Pintxos, the Basques’ take on tapas; are best enjoyed in San Sebastián, as part of the traditional txikiteo, which is a nightly pub crawl with a few unspoken rules.

Basque cooking has become very popular in recent years, and one result has been an increasing prevalence of pintxos (“peen-chos”), or Basque-style tapas, in restaurants everywhere. From Barcelona and London, to Montreal and New York; foodies are crazy about the rich flavours and creative spin on traditional ingredients, like salt cod, anchovies, mushrooms, baby squid, hake, Idiazábal cheese and crusty bread, to name a few. But anyone who has travelled through Euskadi, or Spanish Basque country, will tell you that pintxos are more than just another deliciously innovative import.
Ingredients and culinary know-how aside, no city in the world can replicate the social art that is txikiteo, or pintxos bar-hopping, in Basque country, and there’s no better place to experience it than San Sebastián, in northern Spain.

The culinary capital of a food-obsessed region; San Sebastián is fat with Michelin-starred restaurants, but throughout this enchanting coastal city, appetites are first whet on pintxos. Delectable and lovingly made, the pintxos here are little gourmet works of art. These gastronomic marvels might be simple, buttery tortillas de patata (potato omelettes); sautéed pulpo (octopus) or anchovies; a hunk of crusty bread topped with Iberian ham, mushroom and melted cheese…or a hundred other things.

Txikiteo is a fancy word for a bar crawl, but with little aperitif bites included, and this pre-dinner ritual comes with some unspoken rules. Traditionally, the Basques go out with a small group of friends around 7pm, and they remain in each bar for 15 minutes or less; just long enough for everyone to indulge in one or two pintxos, down a short glass of beer (a zurito) or wine, have a smoke and perhaps discuss the latest in fútbol. Txakoli is the favourite among wines; it’s a tangy, fizzy local white typically poured with a flourish, from high above the glass to maximise effervescence.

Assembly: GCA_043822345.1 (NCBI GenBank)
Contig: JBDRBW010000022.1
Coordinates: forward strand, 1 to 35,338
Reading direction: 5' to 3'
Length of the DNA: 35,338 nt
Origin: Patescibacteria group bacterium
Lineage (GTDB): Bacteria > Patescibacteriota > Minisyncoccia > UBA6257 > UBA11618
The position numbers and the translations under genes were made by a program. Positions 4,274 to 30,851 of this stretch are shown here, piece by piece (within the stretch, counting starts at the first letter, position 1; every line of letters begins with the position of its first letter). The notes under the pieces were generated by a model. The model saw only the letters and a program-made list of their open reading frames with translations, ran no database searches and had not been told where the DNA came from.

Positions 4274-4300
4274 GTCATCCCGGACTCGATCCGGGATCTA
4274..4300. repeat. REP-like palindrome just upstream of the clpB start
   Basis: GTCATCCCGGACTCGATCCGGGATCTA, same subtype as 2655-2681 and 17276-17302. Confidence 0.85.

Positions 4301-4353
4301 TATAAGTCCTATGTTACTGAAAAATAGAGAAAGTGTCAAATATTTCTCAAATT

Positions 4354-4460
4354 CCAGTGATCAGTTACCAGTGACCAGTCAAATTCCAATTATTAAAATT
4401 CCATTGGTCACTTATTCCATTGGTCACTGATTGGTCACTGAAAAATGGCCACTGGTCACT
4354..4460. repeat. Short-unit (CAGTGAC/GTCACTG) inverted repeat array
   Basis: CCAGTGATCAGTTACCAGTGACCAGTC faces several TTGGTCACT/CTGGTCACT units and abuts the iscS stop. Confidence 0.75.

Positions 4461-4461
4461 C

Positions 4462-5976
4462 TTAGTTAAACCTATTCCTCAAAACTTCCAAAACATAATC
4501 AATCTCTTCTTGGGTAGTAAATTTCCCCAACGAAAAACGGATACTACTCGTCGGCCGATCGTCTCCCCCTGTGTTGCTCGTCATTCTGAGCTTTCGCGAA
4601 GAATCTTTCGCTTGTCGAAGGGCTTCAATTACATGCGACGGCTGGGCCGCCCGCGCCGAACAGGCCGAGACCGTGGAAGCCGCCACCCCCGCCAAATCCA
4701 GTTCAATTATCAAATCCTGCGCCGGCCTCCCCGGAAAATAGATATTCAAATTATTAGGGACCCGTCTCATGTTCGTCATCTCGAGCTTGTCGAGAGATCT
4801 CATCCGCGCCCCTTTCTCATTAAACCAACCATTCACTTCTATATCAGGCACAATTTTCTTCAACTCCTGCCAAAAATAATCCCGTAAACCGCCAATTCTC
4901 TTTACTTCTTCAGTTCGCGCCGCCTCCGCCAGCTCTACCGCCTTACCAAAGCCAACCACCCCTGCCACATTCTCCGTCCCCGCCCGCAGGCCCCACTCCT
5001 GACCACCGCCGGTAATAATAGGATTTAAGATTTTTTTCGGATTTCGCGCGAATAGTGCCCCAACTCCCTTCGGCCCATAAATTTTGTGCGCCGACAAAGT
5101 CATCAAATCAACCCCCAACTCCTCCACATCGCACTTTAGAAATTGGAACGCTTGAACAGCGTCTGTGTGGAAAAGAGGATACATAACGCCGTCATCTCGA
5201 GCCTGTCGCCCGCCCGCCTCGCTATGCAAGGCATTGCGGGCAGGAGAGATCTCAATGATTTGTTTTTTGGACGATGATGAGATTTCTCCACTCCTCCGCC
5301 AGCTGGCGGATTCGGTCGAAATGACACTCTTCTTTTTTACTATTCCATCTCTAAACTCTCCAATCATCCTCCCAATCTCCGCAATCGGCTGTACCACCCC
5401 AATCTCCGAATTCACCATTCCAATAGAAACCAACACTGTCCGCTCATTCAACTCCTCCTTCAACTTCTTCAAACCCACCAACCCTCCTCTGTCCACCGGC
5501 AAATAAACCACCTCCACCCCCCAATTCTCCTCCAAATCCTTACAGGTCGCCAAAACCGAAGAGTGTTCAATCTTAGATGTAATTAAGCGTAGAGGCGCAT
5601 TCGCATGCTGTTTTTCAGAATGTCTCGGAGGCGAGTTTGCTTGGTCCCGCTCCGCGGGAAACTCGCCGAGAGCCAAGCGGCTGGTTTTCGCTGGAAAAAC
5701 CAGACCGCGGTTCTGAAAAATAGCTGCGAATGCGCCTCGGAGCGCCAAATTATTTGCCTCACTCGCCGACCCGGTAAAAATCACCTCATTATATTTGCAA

The skinny cobblestone streets of the Parte Vieja (Old Quarter), roamed equally by tourists and dapper old Basque men; boast the most pintxos bars in the city, so that is where your lesson begins. To make like a local, and weed the good bars from the great; follow those tidy old men into their watering holes. Then here’s what you do:
Approach the regal display of room-temperature pintxos on the bar. Hot pintxos and small-plate raciones (rations) are heated or cooked to order.
Help yourself to a pintxo and order a drink; Don’t even think of sitting down.
When you’re finished, tell the barkeep what you had. Be honest; an important tradition of txikiteo is the self-serving honour system, and you have no excuse, anyway: Most pintxos cost very little.
Toss your napkin on the floor and head for the next bar. Nobody uses the garbage receptacles; you know you’ve arrived late when you enter a bar and find more crumpled napkins on the floor than pintxos on the bar.
The real challenge, of course, is knowing when to stop. If you stuff yourself silly with pintxos, you’ll miss out on San Sebastián’s world-class restaurants. But that’s another story.